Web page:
The top government witness in the 2006 federal conviction of former Alabama Gov. Don Siegelman on corruption charges is providing new evidence that prosecutors failed to fulfill their legal obligation to provide the defense with all records documenting witness-coaching.
Former Siegelman aide Nick Bailey swears that prosecutors failed to reveal to the defense details of most of his two dozen prep sessions before he became the Bush Justice Department’s key witness that former HealthSouth chief executive Richard Scrushy bribed the former Democratic governor. Scrushy arranged $500,000 in donations to an education non-profit fostered by Siegelman to increase school funding. At trial, Bailey suggested the donations were required by Siegelman to reappoint Scrushy to a state regulatory board. The defendants, bolstered by legal experts and whistleblowers, claim that they were framed to eliminate Siegelman from politics.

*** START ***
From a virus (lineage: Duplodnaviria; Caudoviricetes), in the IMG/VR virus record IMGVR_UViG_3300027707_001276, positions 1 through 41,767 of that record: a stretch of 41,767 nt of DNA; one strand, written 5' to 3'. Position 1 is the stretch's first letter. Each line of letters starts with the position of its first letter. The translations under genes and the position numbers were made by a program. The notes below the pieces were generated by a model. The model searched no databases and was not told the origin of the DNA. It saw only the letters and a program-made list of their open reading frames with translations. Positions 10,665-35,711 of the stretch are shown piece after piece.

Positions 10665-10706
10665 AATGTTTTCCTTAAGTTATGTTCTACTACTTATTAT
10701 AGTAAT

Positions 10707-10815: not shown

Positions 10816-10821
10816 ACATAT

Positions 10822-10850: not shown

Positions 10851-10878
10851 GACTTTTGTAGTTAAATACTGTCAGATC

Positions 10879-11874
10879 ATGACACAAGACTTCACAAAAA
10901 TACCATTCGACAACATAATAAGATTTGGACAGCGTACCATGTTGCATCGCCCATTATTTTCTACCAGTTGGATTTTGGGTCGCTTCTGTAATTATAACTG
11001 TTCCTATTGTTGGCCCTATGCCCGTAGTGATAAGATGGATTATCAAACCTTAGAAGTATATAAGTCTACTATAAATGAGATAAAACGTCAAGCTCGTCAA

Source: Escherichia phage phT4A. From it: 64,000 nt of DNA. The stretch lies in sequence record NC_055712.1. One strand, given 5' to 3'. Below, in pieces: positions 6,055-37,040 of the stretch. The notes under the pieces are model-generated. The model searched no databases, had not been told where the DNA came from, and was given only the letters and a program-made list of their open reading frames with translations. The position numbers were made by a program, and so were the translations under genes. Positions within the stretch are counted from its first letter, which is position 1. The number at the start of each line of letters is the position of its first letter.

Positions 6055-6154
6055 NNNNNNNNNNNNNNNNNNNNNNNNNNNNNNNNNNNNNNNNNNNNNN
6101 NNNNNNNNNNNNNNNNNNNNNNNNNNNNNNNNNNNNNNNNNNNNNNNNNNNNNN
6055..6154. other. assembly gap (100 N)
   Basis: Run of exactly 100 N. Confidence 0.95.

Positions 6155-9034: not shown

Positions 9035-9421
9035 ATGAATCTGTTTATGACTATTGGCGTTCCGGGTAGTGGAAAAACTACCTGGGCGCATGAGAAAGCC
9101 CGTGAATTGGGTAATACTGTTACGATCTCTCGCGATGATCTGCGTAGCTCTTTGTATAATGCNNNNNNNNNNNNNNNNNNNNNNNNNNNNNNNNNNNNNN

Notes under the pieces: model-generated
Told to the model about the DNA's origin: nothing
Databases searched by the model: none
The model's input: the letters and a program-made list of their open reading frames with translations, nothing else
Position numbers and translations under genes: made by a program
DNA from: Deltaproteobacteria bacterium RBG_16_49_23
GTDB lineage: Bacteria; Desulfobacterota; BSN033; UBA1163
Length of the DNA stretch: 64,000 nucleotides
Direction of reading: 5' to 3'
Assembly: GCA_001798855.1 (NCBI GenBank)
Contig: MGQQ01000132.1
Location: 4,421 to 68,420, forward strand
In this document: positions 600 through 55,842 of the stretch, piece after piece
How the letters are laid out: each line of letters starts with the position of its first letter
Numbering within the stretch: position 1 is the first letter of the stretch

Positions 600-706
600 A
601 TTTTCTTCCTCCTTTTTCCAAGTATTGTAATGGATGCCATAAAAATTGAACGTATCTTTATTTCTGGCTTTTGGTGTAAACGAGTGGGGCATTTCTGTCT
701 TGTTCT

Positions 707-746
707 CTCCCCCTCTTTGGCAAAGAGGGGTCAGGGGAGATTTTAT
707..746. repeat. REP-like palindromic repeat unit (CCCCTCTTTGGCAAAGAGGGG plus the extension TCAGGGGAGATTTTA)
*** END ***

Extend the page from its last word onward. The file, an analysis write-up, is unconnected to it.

Even more explosive than an alleged failure by prosecutors to comply with federal trial procedures is a sworn statement by Bailey’s current employer Luther “Stan” Pate, another Alabama businessman.
“Nick was told that the government was working to prevent the publicizing of an alleged sexual relationship between Nick and Don Siegelman,” Pate wrote. “Nick also told me that one of the agents working the Siegelman/Scrushy prosecution asked him whether he had ever taken illegal drugs with Governor Siegelman or had a sexual relationship with him. These comments had a dramatic effect on Nick, and, in my observation, added significantly to the pressure he felt to go along with whatever the prosecutors wanted him to say.”
Allegations of sexual blackmail by the government are among the evidentiary exhibits that support legal arguments by Scrushy and Siegelman seeking a new trial based on new evidence from whistleblowers and investigative reporters.